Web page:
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Though this is probably an easy question to answer, depending on which team colors you normally wear, when you look a bit deeper it becomes more apparent that the answer is really “both”.  Maybe a better question is “Social Media: What’s in it for me?”.

Everybody’s talking about it.  Most of us are trying to figure it out.  Some of us have claimed to “master” it (likely at the expense of a number of ‘paying clients’ that allow us to learn as we go).  And even fewer consider it strategic to our daily business.

I’m hopeful that a few examples I’ll cover in this post lend credence to the role of social media tools and resources for both Sales and Marketing.  Social media is actually becoming the aggregation of great content, or resources, for the user.  One of the most unique characteristics of Social Media is that it naturally results in a perpetuation of content that is deemed relevant and valuable by people at large (called “trending”).  For a lay user, you can easily tap into the buzz of the world and drill down to get more detail than you could have imagined from any Encyclopedia Britannica (even if it was hot off the press).

Well, let’s take a look at why this becomes important to marketing people and why in the world a sales rep would spend any time setting up a Facebook page or Twitter account, much less a blog!  This should be fun.

Marketing’s Love of Social Media

Marketing people love to know everything about everything.  It’s not good enough to know a little more than the person next to you – that just means you’ve had a chance to lean over the cubicle to get their download and then enhance it with a quick Google search.  What really makes marketing people shine is NEW information.  Breaking news!  Exciting “I know what you don’t know” news!  That’s why they love social media!

Marketing people will do anything to get a survey filled out…need some gas, fill out a survey and we’ll send you a gas card.  Want to take the spouse out to dinner, fill out a survey and we’ll give you a gift card to one of many Brinker restaurants.  Want $100 cold-hard-cash, fill out a survey and we’ll mail it to you in 6-8 weeks.  Better yet, marketers don’t have to do this if we have a good set of targeted followers, now do we?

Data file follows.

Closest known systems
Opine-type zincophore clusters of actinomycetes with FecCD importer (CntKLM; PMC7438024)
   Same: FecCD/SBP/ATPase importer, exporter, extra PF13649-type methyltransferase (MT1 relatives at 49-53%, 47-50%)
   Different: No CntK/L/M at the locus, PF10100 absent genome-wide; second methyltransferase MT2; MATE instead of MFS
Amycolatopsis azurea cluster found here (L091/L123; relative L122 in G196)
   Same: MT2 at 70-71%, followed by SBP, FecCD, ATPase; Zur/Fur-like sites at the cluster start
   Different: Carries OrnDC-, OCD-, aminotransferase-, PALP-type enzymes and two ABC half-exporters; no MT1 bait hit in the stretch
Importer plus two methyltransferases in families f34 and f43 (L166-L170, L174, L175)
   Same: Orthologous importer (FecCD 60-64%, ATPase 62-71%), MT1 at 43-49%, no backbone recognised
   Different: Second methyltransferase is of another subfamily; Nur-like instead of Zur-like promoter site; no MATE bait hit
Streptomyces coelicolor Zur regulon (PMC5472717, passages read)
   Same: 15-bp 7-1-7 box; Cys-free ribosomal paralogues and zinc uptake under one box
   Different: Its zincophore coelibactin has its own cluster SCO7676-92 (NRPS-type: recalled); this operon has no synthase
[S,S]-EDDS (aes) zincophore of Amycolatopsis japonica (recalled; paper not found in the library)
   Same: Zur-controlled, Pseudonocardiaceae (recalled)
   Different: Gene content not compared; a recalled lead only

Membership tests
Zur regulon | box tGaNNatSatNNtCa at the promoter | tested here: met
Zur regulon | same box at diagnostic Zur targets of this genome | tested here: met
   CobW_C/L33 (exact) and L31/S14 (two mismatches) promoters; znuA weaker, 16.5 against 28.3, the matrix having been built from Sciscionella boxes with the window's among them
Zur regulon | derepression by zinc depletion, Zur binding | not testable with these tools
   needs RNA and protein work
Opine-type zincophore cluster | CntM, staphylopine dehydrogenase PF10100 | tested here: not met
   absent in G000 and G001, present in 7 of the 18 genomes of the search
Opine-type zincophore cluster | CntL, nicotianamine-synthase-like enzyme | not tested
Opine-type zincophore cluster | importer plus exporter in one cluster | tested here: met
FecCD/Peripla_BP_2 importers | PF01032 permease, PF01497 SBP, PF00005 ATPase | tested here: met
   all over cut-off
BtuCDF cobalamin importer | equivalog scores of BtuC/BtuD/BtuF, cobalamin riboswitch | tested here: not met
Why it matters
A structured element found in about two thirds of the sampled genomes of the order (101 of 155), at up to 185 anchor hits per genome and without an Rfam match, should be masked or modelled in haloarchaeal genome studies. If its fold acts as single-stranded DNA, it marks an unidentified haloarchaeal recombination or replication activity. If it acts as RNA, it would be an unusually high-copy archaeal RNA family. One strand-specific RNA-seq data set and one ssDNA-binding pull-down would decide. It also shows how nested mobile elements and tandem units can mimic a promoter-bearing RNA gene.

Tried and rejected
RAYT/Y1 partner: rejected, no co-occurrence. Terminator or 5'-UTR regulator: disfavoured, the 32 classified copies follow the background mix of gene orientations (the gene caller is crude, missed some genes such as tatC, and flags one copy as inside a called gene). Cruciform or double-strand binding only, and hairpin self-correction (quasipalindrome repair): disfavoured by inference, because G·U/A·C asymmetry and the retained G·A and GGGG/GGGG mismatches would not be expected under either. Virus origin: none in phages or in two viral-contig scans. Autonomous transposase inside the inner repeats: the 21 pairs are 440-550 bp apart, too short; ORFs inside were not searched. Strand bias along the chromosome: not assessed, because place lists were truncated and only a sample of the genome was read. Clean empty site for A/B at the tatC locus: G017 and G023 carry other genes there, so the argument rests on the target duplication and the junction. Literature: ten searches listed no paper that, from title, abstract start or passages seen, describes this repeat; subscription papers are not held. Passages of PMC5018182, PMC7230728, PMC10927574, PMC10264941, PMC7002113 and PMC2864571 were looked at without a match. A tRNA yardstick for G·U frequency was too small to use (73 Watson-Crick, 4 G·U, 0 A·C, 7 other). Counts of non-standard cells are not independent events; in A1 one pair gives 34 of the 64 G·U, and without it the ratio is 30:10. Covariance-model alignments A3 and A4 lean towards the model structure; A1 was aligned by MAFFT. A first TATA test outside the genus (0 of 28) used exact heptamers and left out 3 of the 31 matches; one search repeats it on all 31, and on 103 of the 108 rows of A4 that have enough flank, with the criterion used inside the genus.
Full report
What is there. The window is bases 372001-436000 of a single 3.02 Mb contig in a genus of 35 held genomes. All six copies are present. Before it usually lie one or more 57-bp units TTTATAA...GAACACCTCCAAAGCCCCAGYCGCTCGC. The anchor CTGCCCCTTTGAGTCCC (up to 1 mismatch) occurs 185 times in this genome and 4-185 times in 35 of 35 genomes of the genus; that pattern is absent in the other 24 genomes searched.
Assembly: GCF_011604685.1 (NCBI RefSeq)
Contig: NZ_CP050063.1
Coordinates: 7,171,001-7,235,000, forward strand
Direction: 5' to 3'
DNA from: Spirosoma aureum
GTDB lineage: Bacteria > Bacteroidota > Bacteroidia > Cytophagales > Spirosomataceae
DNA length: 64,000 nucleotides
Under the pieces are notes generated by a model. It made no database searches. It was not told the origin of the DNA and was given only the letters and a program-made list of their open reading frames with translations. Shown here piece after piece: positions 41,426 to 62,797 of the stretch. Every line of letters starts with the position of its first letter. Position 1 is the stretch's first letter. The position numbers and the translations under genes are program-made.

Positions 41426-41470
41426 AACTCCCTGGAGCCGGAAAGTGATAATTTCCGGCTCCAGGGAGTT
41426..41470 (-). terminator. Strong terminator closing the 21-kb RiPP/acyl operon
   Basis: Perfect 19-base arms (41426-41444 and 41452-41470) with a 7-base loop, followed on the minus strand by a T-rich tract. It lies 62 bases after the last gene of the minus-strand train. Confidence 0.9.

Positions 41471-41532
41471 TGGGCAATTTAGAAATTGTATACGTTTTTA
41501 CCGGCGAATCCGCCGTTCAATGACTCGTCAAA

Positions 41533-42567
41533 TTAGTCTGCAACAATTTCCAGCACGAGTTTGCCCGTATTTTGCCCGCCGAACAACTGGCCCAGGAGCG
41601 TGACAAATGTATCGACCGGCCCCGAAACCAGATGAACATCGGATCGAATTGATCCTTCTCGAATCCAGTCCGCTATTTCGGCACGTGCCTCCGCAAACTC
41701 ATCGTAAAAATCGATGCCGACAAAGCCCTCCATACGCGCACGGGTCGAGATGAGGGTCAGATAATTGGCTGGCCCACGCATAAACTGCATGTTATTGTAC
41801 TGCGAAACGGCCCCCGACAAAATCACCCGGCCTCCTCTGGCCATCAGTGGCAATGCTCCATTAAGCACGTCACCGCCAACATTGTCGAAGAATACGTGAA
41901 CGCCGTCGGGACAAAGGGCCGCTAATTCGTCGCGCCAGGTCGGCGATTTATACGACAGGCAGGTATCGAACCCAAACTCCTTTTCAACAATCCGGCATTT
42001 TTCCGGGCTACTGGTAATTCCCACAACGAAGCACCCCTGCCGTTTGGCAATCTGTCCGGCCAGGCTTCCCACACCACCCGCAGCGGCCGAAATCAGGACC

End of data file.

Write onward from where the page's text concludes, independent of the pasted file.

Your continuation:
Ad-hoc Surveys – hmm, I wonder what my followers, who happen to be interested in the same things I am interested in, think about product 789 (I know, 6 was afraid of 7, but that’s not relevant here).  Why don’t I just ask them.  A quick 140 character question on my Twitter account or Facebook update could net me 10-15 opinions easily – with no impact on the carbon footprint from those gas cards!

“Social Media Listening” – Hashtags, hashtags, hashtags.  Not a bad way to simplify the world of content.  If I just listen to the right hashtags, I am bound to learn more about whatever I am interested in than doing 20 Google searches.  Better yet, there’s wonderful technology out there, like Pulse Analytics from Mantis Technology, that makes this easier than pie.  Not only can you listen to what people are saying, you can determine the sentiment about the topic through these tools. 

Turn Social Research into Personalized Messaging – “Hey chocolate lovers, what’s your Valentine’s favorite flavor – 50% off a dozen by Feb. 7th!”  Now that’s speaking my language!  Available in Facebook, Twitter, LinkedIn, Google+ and more!  Why not tell them what they want to hear (actually, that’s why they are ‘following’ you anyway, so treat them well). There’s a great approach, called B2Me, from an agency called White Rhino.  Relevancy is key.  Social media gets us there.


Sales’ Extended Conversations through Social Media

Why would a salesperson spend time playing around in social media when they need to be out selling?  Well, the simple answer is because the people they are selling to are playing around in social media.  Period.  So, the question really is, how do they maximize their time in Social Media.  Here are a couple tips:

  1. Join Twitter to follow your customers and top prospects (company accounts and select contact accounts, like the VP of IT).  You’d be amazed at how much strategy and guidance they give to the general public, if you’re willing to be part of the conversation.
  2. Join LinkedIn (or Google+) and request connections to your customers.  Then, don’t be shy to ask them for a referral – what a great way to show true trusted advisor status to your prospects by having your customers recommend you on LinkedIn.  You can also track executive moves here.
  3. Set up a Blog:  use it to promote your recent problem/solution situations.  Customers value a sales rep that can get things done.  This is your forum for bragging a bit (outside of the board room).
  4. Follow industry analyst or business publications to have the latest snippits of information at your fingertips
  5. Pay attention to who your customer contacts follow – they are high potential prospects for you since they are already engaged with your top customers!

The best analogy I’ve got is that social media for sales people is like the good ol’ boy network of days past.  Except today it’s open to anybody and it’s yours for the taking.  Get in – it’s much more amenable!

You see, social media is actually a tool and a resource for marketing AND sales.  As we get better at using it to its fullest, I would only expect the lines to blur and social media will just be part of the conversation…’hey, can you send that presentation over Slideshare?  We’ll make comments on the deck and then we can get the SOW finalized.’  That means we’re going to have to become more comfortable being ‘social’ now, aren’t we?

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